From “pirate radio” to one of the world’s most popular mediums, podcasting’s rise over the past decade has been phenomenal. Daniel Cribb chronicles its growth and chats with podcast veteran Wil Anderson and newcomers Alex Jae and Bec Charlwood.
Have you ever been excited about being stuck in traffic? It’s an odd feeling that maybe only podcast addicts relate to, many of whom were first drawn to the medium by Sarah Koenig and WBEZ's 2014 smash Serial. Podcasts have come a long way since the true crime investigation broke podcast records in 2014, and even further over the past decade.
No one is better suited to give insight on its rise than Aussie comedy legend-turned-podcast sensei Wil Anderson, whose venture into the format began at the start of the decade with TOFOP in 2010, with Charlie Clausen, before he kicked off widely acclaimed show Wilosophy in 2014.
“Charlie and I always joke that if we knew we’d still being doing it 10 years later we probably would have picked a name for the podcast that we wouldn’t have had to explain as many times as we have over the past decade,” Anderson laughs. “When we started a decade ago, it was still very much a hobby. Often people will ask what TOFOP is about and I’m like, ‘Ah, well, we’re from the time when your podcast didn’t need to be about anything.’ It was just enough that you had a podcast.
“You didn’t really have to differentiate yourself from other podcasts on the market because the truth of it was that there wasn’t really that many other podcasts in the market. There were definitely people before us, but it was very much a pirate radio thing and the start of a world.”
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Much like Anderson, few expected the industry to take off as much as it did. Throughout the '00s, there was buzz around podcasts, but many thought that after its first wave of popularity, which peaked around 2006 with The Ricky Gervais Show and This American Life, the medium would die out. But a few well-placed podcasts kept the torch alive.
In 2011, weekly US series The Last Podcast On The Left, hosted by longtime friends and comedians Ben Kissel, Marcus Parks and Henry Zebrowski, helped shape true crime podcasts before industry juggernaut This American Life unleashed Serial. The tale of Adnan Syed well and truly brought podcasts into the forefront of the entertainment industry.
By this time, affordable recording equipment and means of self-promoting had advanced tenfold compared to the peak of the first boom in the mid-'00s, meaning that almost anyone could start a podcast, and gain a listenership.
And with that, more and more genres began popping up with everything from comedy, politics, true crime, education and more casting a wide net and drawing more people in – there are even podcasts that talk about other podcasts now.
With so much competition, it can be hard to break into the market, unless you have a unique idea, which is exactly what Sydney-based comedians Alex Jae and Bec Charlwood delivered when they launched The Ladies Guide To Dude Cinema earlier this year; a podcast that sees the duo “review the movies dudes can't believe they haven't seen”.
“I think a huge part of the popularity of podcasts is that you don’t need a lot of equipment,” Charlwood says. “Some people record podcasts off their phones, sometimes you only need one person for it, it costs you no money to put together, whereas if you’re doing anything in a visual medium, that’s going to cost so much more and take so much organisation and time.”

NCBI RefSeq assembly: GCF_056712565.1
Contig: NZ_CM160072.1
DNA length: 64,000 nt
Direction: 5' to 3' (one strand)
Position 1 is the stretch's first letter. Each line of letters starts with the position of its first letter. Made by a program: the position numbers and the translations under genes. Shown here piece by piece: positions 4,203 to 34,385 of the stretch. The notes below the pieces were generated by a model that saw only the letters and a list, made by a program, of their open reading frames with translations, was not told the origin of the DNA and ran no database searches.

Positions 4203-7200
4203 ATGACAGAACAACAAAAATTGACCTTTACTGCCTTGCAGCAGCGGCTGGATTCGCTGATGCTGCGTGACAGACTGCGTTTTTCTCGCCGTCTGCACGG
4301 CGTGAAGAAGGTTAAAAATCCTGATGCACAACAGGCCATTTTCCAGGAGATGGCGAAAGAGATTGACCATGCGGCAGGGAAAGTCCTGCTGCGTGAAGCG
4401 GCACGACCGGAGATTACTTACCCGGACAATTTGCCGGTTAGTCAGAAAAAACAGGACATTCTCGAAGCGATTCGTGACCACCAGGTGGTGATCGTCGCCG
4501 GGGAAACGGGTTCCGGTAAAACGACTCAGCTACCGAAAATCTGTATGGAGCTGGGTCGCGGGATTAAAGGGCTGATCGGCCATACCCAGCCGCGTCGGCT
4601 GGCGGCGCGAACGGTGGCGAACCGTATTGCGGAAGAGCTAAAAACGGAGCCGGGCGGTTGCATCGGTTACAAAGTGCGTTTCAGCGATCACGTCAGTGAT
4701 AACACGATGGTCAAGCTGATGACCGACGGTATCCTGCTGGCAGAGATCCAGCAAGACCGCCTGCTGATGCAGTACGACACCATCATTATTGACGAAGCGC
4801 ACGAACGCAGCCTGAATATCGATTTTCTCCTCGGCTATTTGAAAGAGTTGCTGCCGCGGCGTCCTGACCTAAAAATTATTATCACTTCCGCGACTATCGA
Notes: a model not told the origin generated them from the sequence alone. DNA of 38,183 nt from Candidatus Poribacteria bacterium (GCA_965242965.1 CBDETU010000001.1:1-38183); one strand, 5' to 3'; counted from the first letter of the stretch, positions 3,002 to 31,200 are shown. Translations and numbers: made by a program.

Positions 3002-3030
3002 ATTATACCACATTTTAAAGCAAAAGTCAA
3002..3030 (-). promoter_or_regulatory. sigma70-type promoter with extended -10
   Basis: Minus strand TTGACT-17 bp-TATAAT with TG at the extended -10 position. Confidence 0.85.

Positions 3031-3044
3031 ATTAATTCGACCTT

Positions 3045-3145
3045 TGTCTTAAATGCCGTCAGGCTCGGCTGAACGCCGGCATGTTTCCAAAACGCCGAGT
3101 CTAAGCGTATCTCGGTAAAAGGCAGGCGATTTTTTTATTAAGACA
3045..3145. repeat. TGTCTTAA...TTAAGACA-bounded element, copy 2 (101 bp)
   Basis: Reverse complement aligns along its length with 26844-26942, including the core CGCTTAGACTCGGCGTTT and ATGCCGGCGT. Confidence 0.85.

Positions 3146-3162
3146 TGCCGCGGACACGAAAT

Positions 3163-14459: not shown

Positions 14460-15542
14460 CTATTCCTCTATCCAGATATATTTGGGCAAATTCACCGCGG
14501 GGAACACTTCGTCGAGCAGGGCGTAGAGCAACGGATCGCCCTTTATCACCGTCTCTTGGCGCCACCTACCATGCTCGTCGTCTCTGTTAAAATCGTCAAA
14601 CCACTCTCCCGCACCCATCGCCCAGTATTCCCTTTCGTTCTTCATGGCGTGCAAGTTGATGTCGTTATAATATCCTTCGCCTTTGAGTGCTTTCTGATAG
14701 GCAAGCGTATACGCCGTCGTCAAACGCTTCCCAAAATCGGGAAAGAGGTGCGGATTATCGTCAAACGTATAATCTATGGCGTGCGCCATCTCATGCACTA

The duo are both avid fans of podcasts themselves, including TOFOP. Jae notes the appeal of the medium for a consumer: “Wil’s was actually the first podcast I listened to that really got me into being an obsessive podcast listener, and the immediate appeal is that you can hear people talking uncensored and without any kind of restriction.”
“It does kind of create a sense of connection with people," Charlwood adds, "because you feel like you’re sitting among friends. That’s why there are so many podcasts with insane cult followings – like My Favourite Murder, for example, they call their fan group, the ‘Fan Cult’. If I met either of those hosts [Karen Kilgariff and Georgia Hardstark], I would 100 percent consider them my close friends because I’ve spent upwards of 300 hours listening to them speak.”
“It also creates a community among the listeners as well,” Jar adds. “You find people in other countries that you really connect with and have common interests with.”
Charlwood also notes that podcasts “fulfil that need that’s growing to just fill every orifice with something at some point”.“People are so busy now and like to do two things at once and with a podcast you can do that,” she says. “You can be driving and listening to a podcast, you can be cleaning your house and listening to a podcast, you can be watching a movie and listening to a podcast.”
While podcasting doesn’t appear to be slowing down anytime soon, Anderson does believe the format has some fairly large hurdles to overcome as we enter a new decade.
“Now the big businesses have gotten involved and normally when the big businesses get involved the fun times become a little less fun,” Anderson says. “Because things become corporatised and when things become corporatised people who don’t really understand what it’s about in the first place and what made it special come into the industry. That’s just the nature of any emerging artform.”
Charlwood, however, has other concerns. “One thing I do worry about is children of the future finding their parents’ podcasts,” she jokes “Particularly my children, I hope they never, ever, ever listen to an episode of [The Ladies Guide To Dude Cinema], because that’s too much history to have on the book.”